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The Daily Wildcat

The Daily Wildcat


    History of V-Day not so sweet

    Regan Norton
    Valentine’s Day gifts being sold in the Student Union on Thursday, February 12.

    Heart-shaped symbols have long represented matters of love and no holiday moreso than Valentine’s Day. Though Valentine’s Day is a now a celebration where people purchase candy, stuffed animals and roses to show appreciation for their significant others, the holiday’s origins were not always quite so sugary sweet. But just like how the heart shapes we draw today are no anatomical representations of human hearts, Valentine’s Day has changed drastically since its beginnings. And like the anatomical human heart, the original Valentine’s Day celebrations were much more bloody. 

    The origin of the day comes from the Roman holiday Lupercalia. Celebrated between Feb. 13 and 15, Lupercalia was meant to foster fertility. Though the sentiment doesn’t seem too far off from today’s sex-filled holiday, the ancient Romans’ idea of fertility was achieved by sacrificing animals and whipping women with the dead animals’ hides. To finish off the festival, bachelors would select a single name from an urn full of the names of young women, and the two would be forcibly matched for the duration of the festival or sometimes longer.

    As many know, Valentine’s Day is rumored to be named after St. Valentine. But while the story told is that Valentine was clubbed, stoned and beheaded to death, there were in fact two St. Valentines. 

    “Emperor Claudius II executed two men — both named Valentine — on Feb. 14 of different years in the third century A.D.,” writes Arnie Seipel in “The Dark Origins of Valentine’s Day” for NPR. “Their martyrdom was honored by the Catholic Church with the celebration of St. Valentine’s Day.”

    Claudius banned soldiers from marrying, but Valentine went behind his back and performed the ceremonies anyway. It is said that while Valentine was imprisoned, he somehow healed the blind daughter of his jailer. According to The Huffington Post article “The History (and Present) of Valentine’s Day,” on the eve before he was executed, Valentine wrote a note to the daughter and signed it, “From, your Valentine.”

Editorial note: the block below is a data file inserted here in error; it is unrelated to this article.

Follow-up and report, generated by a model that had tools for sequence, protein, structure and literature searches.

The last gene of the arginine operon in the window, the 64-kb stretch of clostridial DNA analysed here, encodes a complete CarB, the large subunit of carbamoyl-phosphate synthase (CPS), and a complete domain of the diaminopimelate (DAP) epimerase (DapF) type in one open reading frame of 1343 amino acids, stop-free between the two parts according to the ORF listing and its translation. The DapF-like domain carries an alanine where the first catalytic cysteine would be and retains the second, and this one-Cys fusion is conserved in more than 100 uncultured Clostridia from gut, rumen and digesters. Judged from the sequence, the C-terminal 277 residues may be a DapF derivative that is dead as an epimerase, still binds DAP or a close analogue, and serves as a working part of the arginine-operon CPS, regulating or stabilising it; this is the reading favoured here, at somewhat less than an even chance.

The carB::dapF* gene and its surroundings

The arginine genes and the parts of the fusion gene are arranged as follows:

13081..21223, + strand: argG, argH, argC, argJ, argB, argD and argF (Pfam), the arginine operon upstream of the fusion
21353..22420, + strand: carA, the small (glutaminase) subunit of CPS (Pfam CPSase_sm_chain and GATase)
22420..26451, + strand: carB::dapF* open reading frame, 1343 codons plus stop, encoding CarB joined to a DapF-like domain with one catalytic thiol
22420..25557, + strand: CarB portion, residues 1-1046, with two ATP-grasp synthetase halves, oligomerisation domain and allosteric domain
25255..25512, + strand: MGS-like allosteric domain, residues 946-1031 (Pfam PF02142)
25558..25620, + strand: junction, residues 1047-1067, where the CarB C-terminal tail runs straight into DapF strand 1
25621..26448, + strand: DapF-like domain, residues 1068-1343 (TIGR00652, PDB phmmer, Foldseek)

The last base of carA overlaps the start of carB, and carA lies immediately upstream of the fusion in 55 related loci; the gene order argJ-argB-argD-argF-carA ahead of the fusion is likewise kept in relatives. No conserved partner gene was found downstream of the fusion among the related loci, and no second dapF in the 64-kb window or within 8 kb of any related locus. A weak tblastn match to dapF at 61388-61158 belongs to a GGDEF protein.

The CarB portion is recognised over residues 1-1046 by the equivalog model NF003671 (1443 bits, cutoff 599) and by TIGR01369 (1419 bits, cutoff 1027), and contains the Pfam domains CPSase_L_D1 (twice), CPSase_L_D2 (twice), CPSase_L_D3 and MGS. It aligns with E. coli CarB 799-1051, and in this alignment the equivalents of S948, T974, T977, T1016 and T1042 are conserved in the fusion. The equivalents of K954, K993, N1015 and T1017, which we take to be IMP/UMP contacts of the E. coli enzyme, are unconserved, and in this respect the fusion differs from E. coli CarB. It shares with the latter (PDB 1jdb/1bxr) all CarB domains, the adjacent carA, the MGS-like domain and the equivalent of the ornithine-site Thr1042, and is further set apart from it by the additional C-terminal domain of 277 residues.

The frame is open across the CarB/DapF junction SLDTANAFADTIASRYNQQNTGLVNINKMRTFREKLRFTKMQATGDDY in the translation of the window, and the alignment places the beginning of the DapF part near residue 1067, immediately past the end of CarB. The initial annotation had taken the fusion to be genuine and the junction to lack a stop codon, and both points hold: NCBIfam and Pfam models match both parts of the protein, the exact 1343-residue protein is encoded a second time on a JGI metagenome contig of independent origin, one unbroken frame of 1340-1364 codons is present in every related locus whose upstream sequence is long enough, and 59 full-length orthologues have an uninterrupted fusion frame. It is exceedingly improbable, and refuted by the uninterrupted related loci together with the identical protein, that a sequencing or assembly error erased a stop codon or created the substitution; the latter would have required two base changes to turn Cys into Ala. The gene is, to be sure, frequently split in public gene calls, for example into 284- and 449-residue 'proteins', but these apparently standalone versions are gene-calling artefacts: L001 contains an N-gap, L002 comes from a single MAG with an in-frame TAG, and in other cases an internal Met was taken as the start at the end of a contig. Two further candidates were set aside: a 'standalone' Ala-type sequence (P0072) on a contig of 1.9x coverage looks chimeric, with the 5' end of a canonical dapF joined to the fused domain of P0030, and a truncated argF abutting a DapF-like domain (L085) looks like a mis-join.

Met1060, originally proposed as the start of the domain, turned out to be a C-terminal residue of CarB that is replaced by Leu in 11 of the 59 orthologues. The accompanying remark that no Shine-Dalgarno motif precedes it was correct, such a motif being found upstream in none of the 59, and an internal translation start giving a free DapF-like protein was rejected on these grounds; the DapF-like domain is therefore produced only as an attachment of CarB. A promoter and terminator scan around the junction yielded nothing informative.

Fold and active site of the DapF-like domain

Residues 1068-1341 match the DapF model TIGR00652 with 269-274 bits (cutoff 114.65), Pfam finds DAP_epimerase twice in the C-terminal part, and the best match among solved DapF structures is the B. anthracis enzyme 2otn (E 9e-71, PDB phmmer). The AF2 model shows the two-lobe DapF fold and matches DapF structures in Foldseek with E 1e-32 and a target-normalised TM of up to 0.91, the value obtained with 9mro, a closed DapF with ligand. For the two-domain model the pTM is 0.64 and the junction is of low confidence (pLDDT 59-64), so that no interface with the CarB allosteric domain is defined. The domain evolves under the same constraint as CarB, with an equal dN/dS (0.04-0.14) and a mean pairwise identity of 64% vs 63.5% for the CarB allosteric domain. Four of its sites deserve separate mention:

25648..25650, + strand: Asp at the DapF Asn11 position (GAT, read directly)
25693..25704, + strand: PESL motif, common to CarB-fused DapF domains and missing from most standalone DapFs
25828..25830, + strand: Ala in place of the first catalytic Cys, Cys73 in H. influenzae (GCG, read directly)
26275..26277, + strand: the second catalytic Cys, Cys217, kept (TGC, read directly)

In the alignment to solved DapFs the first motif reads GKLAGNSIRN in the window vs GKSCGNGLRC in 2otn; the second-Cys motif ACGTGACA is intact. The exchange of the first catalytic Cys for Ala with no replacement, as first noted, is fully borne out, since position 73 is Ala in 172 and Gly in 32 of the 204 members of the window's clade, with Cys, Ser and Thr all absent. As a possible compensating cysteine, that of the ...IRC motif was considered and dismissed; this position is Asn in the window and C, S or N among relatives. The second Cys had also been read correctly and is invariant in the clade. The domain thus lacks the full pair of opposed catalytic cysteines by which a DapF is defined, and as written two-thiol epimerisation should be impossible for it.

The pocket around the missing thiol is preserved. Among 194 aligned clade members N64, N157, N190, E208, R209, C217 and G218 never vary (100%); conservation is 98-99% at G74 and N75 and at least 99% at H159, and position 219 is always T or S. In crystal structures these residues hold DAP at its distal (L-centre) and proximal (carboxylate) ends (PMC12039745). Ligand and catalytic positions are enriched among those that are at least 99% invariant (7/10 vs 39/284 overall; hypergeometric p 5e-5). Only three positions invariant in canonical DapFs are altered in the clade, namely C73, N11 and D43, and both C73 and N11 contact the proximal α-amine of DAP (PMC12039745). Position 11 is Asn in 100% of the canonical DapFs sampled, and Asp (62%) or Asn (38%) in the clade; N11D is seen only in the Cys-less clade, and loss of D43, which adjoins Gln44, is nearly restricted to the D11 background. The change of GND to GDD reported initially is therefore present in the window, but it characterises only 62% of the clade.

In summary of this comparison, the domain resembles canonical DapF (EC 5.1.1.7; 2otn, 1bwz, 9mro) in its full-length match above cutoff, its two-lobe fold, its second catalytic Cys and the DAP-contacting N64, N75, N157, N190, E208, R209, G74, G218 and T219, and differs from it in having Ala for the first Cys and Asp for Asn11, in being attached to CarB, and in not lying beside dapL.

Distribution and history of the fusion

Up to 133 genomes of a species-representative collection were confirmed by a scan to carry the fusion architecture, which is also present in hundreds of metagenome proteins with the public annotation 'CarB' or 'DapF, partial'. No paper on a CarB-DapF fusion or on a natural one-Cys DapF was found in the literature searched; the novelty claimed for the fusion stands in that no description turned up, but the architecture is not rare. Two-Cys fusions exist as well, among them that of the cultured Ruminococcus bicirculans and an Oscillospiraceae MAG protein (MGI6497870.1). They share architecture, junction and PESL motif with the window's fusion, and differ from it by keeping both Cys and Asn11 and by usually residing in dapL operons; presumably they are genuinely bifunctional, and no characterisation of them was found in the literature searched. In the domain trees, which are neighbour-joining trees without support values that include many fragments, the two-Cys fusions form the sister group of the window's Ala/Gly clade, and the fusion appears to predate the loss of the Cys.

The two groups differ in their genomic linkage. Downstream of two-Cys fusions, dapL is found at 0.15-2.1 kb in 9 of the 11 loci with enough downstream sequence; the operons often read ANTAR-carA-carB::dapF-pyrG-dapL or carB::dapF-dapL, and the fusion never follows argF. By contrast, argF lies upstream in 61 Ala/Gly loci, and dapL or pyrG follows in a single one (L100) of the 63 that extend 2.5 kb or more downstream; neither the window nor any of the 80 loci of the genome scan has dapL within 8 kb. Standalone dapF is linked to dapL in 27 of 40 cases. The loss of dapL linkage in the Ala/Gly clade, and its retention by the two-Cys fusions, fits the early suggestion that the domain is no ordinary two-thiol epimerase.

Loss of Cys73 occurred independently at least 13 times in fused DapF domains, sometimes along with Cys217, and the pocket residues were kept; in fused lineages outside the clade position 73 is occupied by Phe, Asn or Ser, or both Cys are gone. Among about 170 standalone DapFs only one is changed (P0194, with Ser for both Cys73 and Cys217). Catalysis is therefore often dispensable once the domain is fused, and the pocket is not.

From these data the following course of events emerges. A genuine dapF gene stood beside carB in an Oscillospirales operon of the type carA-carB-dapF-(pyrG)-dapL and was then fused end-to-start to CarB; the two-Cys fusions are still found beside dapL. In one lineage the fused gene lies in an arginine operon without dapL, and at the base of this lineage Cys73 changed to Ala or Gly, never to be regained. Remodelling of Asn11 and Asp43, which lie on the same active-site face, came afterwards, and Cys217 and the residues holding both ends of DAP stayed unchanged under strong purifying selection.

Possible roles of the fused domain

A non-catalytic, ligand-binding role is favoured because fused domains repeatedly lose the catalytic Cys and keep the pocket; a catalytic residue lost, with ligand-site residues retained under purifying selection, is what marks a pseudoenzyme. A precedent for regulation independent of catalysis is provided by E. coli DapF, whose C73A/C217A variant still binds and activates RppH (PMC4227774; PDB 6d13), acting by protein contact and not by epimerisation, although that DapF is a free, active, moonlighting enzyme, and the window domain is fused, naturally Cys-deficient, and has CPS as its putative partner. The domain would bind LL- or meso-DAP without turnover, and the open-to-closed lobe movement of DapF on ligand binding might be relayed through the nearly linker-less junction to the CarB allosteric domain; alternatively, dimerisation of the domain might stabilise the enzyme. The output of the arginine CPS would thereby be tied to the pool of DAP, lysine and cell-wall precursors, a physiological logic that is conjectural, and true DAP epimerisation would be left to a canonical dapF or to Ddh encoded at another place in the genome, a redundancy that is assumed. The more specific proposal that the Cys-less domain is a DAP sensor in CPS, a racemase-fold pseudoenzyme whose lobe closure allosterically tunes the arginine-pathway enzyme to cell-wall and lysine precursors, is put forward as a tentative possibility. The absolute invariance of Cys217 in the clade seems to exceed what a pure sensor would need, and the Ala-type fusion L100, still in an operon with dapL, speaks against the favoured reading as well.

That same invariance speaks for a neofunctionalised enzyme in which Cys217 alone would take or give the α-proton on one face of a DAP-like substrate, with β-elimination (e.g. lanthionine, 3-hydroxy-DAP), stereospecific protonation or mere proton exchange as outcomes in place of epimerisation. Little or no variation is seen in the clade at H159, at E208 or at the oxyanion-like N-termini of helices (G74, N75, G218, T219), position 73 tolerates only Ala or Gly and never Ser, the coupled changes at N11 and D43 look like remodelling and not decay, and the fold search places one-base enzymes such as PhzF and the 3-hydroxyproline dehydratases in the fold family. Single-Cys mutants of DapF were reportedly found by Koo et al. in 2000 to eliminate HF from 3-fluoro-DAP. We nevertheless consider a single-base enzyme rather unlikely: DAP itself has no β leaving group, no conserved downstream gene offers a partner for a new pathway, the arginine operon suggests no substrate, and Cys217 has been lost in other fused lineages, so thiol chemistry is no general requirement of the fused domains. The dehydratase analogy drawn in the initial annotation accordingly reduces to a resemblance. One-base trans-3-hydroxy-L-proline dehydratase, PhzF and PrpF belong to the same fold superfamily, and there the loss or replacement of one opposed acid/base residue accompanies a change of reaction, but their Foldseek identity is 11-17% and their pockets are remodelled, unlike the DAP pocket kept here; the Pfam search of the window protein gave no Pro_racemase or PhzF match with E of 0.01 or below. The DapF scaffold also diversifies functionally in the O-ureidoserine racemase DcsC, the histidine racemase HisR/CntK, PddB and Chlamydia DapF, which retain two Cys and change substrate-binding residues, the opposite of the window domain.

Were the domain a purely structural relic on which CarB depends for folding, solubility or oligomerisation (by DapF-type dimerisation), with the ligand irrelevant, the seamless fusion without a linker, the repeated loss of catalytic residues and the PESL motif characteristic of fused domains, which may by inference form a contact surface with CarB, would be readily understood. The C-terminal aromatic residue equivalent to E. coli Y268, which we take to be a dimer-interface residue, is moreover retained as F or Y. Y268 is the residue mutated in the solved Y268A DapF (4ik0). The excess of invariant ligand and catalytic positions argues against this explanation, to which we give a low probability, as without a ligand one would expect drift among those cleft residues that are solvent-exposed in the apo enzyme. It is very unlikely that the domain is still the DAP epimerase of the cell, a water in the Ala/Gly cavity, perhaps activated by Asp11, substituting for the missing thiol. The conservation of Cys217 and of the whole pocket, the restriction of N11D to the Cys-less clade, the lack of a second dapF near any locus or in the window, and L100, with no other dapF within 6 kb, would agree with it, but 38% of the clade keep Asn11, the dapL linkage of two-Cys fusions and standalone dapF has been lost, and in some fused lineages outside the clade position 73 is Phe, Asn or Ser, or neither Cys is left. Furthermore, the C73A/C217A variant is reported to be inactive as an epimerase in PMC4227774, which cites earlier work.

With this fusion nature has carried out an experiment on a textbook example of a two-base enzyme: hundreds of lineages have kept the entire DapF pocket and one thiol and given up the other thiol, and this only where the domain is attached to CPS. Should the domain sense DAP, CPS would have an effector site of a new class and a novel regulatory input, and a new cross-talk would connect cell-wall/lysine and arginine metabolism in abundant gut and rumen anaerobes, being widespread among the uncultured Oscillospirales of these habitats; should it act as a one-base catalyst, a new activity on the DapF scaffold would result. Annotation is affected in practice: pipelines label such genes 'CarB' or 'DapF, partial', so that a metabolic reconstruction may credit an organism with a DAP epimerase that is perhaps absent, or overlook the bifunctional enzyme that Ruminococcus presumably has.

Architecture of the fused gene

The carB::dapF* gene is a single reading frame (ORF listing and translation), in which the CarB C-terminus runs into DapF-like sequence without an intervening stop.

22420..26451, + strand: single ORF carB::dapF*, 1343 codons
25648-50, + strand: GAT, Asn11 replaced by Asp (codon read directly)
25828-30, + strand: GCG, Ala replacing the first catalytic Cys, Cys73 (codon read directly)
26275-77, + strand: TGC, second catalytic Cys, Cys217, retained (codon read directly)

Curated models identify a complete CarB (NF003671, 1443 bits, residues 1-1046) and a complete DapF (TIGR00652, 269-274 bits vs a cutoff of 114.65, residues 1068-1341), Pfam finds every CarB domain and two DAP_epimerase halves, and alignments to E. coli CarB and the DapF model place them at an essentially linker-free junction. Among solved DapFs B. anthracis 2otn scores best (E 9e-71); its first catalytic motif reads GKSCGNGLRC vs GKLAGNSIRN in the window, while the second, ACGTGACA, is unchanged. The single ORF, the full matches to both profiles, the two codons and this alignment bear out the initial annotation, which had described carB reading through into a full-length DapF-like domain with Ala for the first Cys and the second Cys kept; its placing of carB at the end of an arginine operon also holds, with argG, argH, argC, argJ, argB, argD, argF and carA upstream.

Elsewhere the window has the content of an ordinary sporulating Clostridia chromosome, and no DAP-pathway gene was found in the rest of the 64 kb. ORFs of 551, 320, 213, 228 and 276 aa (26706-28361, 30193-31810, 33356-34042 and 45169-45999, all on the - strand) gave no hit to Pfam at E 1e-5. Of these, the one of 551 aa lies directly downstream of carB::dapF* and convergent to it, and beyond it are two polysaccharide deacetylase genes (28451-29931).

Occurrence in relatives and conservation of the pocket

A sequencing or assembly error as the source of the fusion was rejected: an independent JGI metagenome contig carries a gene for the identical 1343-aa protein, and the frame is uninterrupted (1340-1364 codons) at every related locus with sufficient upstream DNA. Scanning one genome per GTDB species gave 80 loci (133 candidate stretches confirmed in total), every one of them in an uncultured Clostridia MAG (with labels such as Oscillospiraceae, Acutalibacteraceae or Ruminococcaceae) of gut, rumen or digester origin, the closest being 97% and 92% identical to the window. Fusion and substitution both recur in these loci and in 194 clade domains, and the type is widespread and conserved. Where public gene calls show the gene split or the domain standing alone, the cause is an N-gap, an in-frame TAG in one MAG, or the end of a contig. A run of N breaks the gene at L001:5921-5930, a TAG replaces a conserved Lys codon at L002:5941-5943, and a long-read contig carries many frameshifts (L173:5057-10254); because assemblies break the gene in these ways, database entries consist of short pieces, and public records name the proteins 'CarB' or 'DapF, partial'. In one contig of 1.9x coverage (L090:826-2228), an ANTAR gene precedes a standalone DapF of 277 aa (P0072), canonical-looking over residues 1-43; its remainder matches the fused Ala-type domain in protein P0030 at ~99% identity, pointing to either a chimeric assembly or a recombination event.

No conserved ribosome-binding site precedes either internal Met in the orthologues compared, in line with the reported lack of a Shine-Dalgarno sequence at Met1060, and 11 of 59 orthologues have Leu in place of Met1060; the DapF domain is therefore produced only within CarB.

In the Middle Ages, Valentine’s Day was linked to romantic connotations when it was believed that Feb. 14 was the first day of birds’ mating seasons. Written valentines began to appear in the 1400s — the oldest of which was written in 1415 by Charles, Duke of Orleans. 

    William Shakespeare and Geoffrey Chaucer also hold a place in Valentine’s Day history. Shakespeare romanticized the day in both “A Midsummer Night’s Dream” and “Hamlet,” and Chaucer’s poem “The Parlement of Foules” praises the saint the holiday’s named for. 

    Today, Valentine’s Day has turned into a commercial phenomenon. 

    Total spending on Valentine’s Day is estimated to hit $18.9 billion, according to the National Retail Federation Valentine’s Day Consumer Spending Survey, 

    Each year, it seems as though people are willing to spend more and more money on Valentine’s Day. The three most popular items to spend money are candy (53.3 percent), flowers (37.8 percent) and dinner out (35.1 percent), according to the survey. 

    No matter if you choose to spend Valentine’s Day reciting Shakespeare and spending money on your date or opt for Single’s Awareness Day and treating yourself, one thing’s for sure — this is one holiday we shouldn’t do as the Romans did. 


    Follow Chelsea Cook on Twitter.

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